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In the eighth year (1093) of the Yuanyou reign (1086–1094), while serving as an official at Dingzhou, Su Shi (1037–1101, style name Dongpo Jushi) obtained the Snow Wave Rock (Xuelang shi), which became the eponym of his studio. This rock was rediscovered at the end of the Ming dynasty (1368–1644) and moved to the Garden of Numerous Springs (Zhongchun yuan, now on the premises of Hospital 8640 of the People’s Armed Police) during the Kangxi reign (1662–1722). In the thirty-first year (1766) of the Qianlong reign (1736–1795), Zhili Governor-General Fang Guancheng (1696–1768) presented the emperor with another unusual rock engraved with “Snow Wave” (Xuelang). The Qianlong Emperor researched the rock and subsequently sent it to Dingzhou to be paired with Dongpo’s Snow Wave Rock; the sovereign recorded these happenings in his Record of the Snow Wave Rocks (Xuelang shi ji). This work by Qian Weicheng (1720–1772) includes paintings of both rocks and calligraphy of the emperor’s inscription in the calligraphic style of Su Shi.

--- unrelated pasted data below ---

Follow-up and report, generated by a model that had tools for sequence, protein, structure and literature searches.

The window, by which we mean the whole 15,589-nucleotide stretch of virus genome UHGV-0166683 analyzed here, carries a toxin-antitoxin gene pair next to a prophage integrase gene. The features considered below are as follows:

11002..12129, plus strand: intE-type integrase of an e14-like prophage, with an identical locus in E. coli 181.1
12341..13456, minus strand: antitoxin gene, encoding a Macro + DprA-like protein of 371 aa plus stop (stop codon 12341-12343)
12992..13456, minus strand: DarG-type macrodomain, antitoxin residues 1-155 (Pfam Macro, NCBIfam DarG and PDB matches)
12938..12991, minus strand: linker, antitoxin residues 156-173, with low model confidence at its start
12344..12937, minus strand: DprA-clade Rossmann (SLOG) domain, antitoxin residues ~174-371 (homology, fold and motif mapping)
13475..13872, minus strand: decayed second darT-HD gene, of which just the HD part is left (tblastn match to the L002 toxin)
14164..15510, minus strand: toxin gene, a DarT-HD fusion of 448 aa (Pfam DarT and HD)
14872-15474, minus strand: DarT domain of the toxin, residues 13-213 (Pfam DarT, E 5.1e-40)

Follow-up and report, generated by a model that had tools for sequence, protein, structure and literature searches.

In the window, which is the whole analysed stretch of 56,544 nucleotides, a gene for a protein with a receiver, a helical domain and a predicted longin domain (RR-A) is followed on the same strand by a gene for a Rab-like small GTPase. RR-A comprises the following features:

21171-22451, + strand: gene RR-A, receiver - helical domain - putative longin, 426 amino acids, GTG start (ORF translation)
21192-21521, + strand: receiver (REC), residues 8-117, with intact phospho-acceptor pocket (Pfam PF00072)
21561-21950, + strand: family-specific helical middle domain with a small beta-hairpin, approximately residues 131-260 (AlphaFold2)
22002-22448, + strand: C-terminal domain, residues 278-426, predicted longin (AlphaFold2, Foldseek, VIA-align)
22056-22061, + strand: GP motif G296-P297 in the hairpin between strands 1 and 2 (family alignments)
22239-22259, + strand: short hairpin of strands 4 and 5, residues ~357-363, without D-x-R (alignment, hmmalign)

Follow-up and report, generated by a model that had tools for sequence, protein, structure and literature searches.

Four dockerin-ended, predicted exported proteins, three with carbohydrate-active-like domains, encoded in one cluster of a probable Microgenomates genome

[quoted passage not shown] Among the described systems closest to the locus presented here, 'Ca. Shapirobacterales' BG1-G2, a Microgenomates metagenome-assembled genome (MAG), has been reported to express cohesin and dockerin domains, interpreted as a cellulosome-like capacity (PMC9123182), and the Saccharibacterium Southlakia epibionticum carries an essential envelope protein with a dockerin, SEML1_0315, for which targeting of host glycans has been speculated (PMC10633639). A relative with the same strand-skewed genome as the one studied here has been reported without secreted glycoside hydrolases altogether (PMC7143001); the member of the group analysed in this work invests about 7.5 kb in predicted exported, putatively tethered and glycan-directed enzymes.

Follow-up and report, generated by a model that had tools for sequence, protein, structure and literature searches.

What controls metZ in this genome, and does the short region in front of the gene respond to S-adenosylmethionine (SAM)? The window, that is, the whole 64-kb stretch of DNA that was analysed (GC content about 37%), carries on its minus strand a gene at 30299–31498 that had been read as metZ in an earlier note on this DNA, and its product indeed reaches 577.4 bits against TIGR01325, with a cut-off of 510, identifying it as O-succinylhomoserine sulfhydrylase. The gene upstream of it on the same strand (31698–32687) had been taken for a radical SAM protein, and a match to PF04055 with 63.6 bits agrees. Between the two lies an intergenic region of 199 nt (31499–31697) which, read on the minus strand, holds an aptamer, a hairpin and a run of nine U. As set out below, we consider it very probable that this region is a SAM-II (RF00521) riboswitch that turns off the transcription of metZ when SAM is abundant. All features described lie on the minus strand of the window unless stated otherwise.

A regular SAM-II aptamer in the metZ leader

Originally from Wujin (present-day Changzhou, Jiangsu Province), Qian Weicheng was an important literary official, calligrapher, and painter in the Qianlong court. He was known by his courtesy name (zi) Zongpan and style name (hao) Chashan.
Translated and edited by Adam J. Ensign and Kang Xiaolu